Illness and injury to travellers on a premium expedition to Iceland.Travel Med Infect Dis. 2008 May; 6(3):148-51.TM
Commercial expeditions provide an opportunity for travellers to undertake various specialised travel to more adventurous and extreme destinations in the relative security of an expeditionary group with medical cover provided by an expedition physician. Little is known about the illnesses and injuries occurring on premium expeditions. The present study was designed to investigate the prevalence of health problems suffered by travellers on a premium expedition to Iceland and the Arctic Circle.
In 2004, the expedition physician diagnosed and recorded all illnesses and injuries amongst 45 travellers on a premium expedition to Iceland. Information recorded included age, sex, number of days into the expedition, the nature of the presenting illness, the assessment of the condition and the treatment employed. The period of the expedition was for 18 days and travel was by chartered aircraft, cruise ship and bus.
Thirty-one (69%) travellers sought medical advice at least once for a total of 54 consultations (mean=1.7). Fifty-six health presentations were reported and recorded amongst the travellers. Females presented on 70% occasions, with the average age of expeditioners presenting being 62 years. The types of primary illness diagnosed were largely those related to the following systems: respiratory 34%, gastrointestinal 30%, dermatological 14%, and musculoskeletal 9%, and other problems 13%. Of the gastrointestinal problems, seasickness was the most common single complaint on 27% of occasions, occurring between day 4 and 9, the cruise phase of the journey. In total, the cruise phase accounted for 43 medical presentations with the pre-cruise phase accounting for 11% of them and the post-cruise phase accounting for the remaining 46%. Presentations were highest on day 5. About one third of presentations (34%) were handled conservatively with 23% requiring antiemetics and 6% requiring antibiotics. There were no deaths or other major incidents requiring emergency evacuation or hospitalisation; although 6 accidents were reported. Interestingly, accidents were significantly more likely to occur earlier in the expedition (t-test; t=2.828, df=54, p=0.007).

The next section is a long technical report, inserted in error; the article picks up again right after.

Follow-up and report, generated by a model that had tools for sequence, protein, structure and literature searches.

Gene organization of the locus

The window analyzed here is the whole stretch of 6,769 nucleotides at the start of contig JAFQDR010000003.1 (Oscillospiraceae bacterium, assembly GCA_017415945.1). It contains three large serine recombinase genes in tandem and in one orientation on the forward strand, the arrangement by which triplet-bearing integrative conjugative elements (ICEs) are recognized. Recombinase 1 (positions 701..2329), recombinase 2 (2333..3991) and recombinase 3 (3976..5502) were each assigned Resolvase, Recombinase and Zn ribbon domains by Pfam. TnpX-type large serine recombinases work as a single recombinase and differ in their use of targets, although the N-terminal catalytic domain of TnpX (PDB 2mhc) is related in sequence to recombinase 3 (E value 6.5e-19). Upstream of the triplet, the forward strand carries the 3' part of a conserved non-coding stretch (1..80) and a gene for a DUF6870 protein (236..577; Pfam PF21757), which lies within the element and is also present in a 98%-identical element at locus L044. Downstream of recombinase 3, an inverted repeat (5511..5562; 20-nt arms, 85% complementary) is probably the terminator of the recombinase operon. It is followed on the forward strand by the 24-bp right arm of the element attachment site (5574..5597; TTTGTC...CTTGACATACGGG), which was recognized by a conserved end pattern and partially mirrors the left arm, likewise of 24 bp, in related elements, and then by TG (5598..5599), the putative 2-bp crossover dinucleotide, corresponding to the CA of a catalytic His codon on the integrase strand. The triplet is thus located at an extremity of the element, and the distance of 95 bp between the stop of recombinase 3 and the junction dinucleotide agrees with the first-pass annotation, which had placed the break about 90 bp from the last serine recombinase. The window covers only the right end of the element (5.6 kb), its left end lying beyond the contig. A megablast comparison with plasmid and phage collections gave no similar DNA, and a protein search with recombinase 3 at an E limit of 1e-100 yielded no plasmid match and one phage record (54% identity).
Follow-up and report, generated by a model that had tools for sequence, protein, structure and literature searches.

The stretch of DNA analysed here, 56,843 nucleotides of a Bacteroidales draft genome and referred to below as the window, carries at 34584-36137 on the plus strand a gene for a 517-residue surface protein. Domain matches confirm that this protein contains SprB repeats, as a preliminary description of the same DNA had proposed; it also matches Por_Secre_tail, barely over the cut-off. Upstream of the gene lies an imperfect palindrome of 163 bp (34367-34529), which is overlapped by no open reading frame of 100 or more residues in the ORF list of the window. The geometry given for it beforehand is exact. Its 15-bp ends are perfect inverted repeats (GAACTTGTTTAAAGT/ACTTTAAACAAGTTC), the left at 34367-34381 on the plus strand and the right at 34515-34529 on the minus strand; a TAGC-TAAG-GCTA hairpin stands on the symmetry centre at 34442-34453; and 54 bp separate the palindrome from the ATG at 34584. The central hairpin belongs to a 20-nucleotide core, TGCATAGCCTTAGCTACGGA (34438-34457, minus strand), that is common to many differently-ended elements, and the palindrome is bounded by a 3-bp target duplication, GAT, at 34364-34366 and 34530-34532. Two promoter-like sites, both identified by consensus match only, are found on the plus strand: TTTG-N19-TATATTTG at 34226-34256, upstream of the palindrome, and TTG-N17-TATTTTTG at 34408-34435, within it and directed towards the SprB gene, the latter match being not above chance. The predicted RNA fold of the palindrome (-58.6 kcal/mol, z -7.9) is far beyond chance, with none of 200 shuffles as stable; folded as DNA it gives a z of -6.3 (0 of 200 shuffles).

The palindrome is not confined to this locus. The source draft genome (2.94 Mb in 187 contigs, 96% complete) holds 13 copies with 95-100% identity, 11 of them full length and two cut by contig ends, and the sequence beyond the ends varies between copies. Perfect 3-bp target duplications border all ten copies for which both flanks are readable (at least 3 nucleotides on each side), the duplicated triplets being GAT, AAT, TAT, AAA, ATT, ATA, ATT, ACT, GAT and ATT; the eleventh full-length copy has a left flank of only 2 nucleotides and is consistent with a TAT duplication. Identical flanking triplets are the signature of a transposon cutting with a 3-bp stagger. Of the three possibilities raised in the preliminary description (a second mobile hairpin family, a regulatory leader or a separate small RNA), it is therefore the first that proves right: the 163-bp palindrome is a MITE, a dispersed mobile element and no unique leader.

On this premium expedition, the health problems encountered were largely similar to those reported for other expeditions. The most common problems included respiratory, gastrointestinal, dermatological conditions and musculoskeletal conditions in descending order. As well as being part of the service provided to travellers, the inclusion of an expedition physician on this premium expedition increased the independence of the travellers on this journey, yet decreased the reliance on local health services, a source which is often scarce or absent on more remote location expeditions.